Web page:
"The reason we struggle with insecurity is because we compare our behind-the-scenes with everyone else’s highlight reel."

Reblogged from iloveyouthisssmuch

Steven Furtick (via illness-to-wellness)

Word…Facebook lives aren’t real life!!

aslantedview:

The world would be a better place if we treated our mortal enemies like this

Reblogged from aslantedview

aslantedview:

The world would be a better place if we treated our mortal enemies like this

Reblogged from awriterandnothingelse

fotojournalismus:

Airstrikes in Gaza | July 2014

1. An Israeli activist carries a placard during a protest against the war on the Gaza strip, in the Israeli city of Tel Aviv on July 9, 2014. (Ahmad Gharabli/AFP/Getty Images)

2. Smoke and flames are seen following an Israeli air strike in Rafah in the southern Gaza Strip on July 9, 2014. (Reuters)

3. Palestinian relatives mourn during the funeral of members of Hamad family in the town of Beit Hanoun in the northern Gaza Strip on July 9, 2014. (Mohammed Salem/Reuters)

4. Palestinians inspect the remains of a car which was hit in an Israeli air strike in Gaza City on July 9, 2014. (Ashraf Amrah/Reuters)

5. Relatives of eight Palestinian members from al-Haj family, who medics said were killed in an early morning air strike that destroyed at least two homes, mourn during their funeral in Khan Younis in the southern Gaza Strip on July 10, 2014. (Ibraheem Abu Mustafa/Reuters)

6. A picture taken in Gaza City on July 10, 2014 shows a damaged building after it was hit by an Israeli air strike. (Mohammed Abed/AFP/Getty Images)

7. A Palestinian woman runs carrying a girl following an Israeli air strike on a house in Gaza city on July 9, 2014. (Majdi Fathi/Reuters)

8. Two boys stand near damage caused by Israeli warplanes in Gaza on July 10, 2014. (Yasser Qudih/NurPhoto/Corbis)

9. Israelis watch as smoke rises after air strikes across the border in northern Gaza on July 8, 2014. (Amir Cohen/Reuters)

10. A Palestinian boy plays in the rubble of a destroyed house the day after an Israeli strike in the town of Beit Hanoun, northern Gaza Strip on July 9, 2014. (Khalil Hamra/AP)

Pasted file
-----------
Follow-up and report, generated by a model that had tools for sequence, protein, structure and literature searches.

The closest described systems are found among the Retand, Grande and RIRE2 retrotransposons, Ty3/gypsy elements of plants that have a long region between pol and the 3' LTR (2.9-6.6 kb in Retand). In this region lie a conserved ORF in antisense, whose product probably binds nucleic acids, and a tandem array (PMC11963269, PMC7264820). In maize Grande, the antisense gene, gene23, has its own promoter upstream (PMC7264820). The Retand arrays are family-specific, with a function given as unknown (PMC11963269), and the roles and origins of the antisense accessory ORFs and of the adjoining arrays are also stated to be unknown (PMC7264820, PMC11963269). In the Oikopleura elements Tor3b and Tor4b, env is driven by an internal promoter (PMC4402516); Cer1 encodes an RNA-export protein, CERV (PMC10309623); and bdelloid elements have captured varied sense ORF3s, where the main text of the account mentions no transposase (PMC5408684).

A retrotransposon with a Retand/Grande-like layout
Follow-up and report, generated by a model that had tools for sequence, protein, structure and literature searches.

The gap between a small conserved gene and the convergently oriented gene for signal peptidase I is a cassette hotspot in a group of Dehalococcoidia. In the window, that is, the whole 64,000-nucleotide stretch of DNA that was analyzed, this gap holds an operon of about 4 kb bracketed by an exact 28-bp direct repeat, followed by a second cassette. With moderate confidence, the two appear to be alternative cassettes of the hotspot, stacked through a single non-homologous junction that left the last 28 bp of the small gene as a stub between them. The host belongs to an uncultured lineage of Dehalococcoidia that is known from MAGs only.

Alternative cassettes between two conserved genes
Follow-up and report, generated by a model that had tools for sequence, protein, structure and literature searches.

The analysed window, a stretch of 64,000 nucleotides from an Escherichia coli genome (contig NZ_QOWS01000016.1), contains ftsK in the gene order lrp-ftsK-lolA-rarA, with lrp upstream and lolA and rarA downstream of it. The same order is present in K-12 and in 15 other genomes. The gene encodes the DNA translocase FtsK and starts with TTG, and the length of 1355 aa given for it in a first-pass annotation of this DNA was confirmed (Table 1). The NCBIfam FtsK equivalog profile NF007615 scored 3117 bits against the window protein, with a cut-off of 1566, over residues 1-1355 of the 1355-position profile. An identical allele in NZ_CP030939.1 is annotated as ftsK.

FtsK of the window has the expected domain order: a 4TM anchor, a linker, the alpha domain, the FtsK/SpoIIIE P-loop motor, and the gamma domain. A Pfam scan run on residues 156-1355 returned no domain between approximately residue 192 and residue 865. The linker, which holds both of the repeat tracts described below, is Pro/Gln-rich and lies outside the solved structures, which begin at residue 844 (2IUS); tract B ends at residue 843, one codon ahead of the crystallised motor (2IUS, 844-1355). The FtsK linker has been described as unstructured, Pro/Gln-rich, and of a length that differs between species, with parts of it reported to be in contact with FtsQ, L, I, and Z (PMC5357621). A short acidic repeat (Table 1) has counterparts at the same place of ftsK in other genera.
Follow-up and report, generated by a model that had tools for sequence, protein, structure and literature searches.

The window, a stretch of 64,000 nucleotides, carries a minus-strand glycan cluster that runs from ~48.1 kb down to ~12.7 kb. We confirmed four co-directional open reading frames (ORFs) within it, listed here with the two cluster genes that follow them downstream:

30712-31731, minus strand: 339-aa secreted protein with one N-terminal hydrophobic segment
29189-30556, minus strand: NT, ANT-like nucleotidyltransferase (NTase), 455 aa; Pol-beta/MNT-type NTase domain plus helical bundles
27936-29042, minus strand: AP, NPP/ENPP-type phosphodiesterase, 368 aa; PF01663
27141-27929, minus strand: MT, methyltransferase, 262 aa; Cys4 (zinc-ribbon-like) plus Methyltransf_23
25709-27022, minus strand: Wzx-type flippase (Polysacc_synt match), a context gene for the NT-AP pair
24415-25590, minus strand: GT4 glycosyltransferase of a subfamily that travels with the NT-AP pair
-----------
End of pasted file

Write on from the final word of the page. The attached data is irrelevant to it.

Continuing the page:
(Sources: 1, 2, 3, 4, 5, 6, 7, 8, 9)

"You get a strange feeling when you’re about to leave a place. Like you’ll not only miss the people you love but you’ll miss the person you are now at this time and this place, because you’ll never be this way ever again."

Reblogged from 5ft1

Azar Nafisi  (via 5ft1)

#relevant #soon

(Source: vacants)

"Don’t let the mixed signals fool you. Indecision is a decision."

Reblogged from sonofthelandlockedmariner

24 (via itsallgoodbabyba-by)

(Source: angelicareni)

"I still miss you but
I am done missing out on
Life waiting for you"

"The capacity to be alone is the capacity to love. It may look paradoxical to you, but it’s not. It is an existential truth: only those people who are capable of being alone are capable of love, of sharing, of going into the deepest core of another person — without possessing the other, without becoming dependent on the other, without reducing the other to a thing, and without becoming addicted to the other. They allow the other absolute freedom, because they know that if the other leaves, they will be as happy as they are now. Their happiness cannot be taken by the other, because it is not given by the other."

Reblogged from hilan

Osho  (via mrsfscottfitzgerald)

Still learning this…

(Source: quotes-shape-us)

"It’s nice that I’m the one
to cross your mind when
you can’t sleep or when
you’re lonely or quiet; there
are people who would kill
to be the name that flashes
in the dark. But I still think
of you in crowds; I still
think of you in daylight."

Reblogged from sonofthelandlockedmariner

Anne, afterthought (via anneisrestless)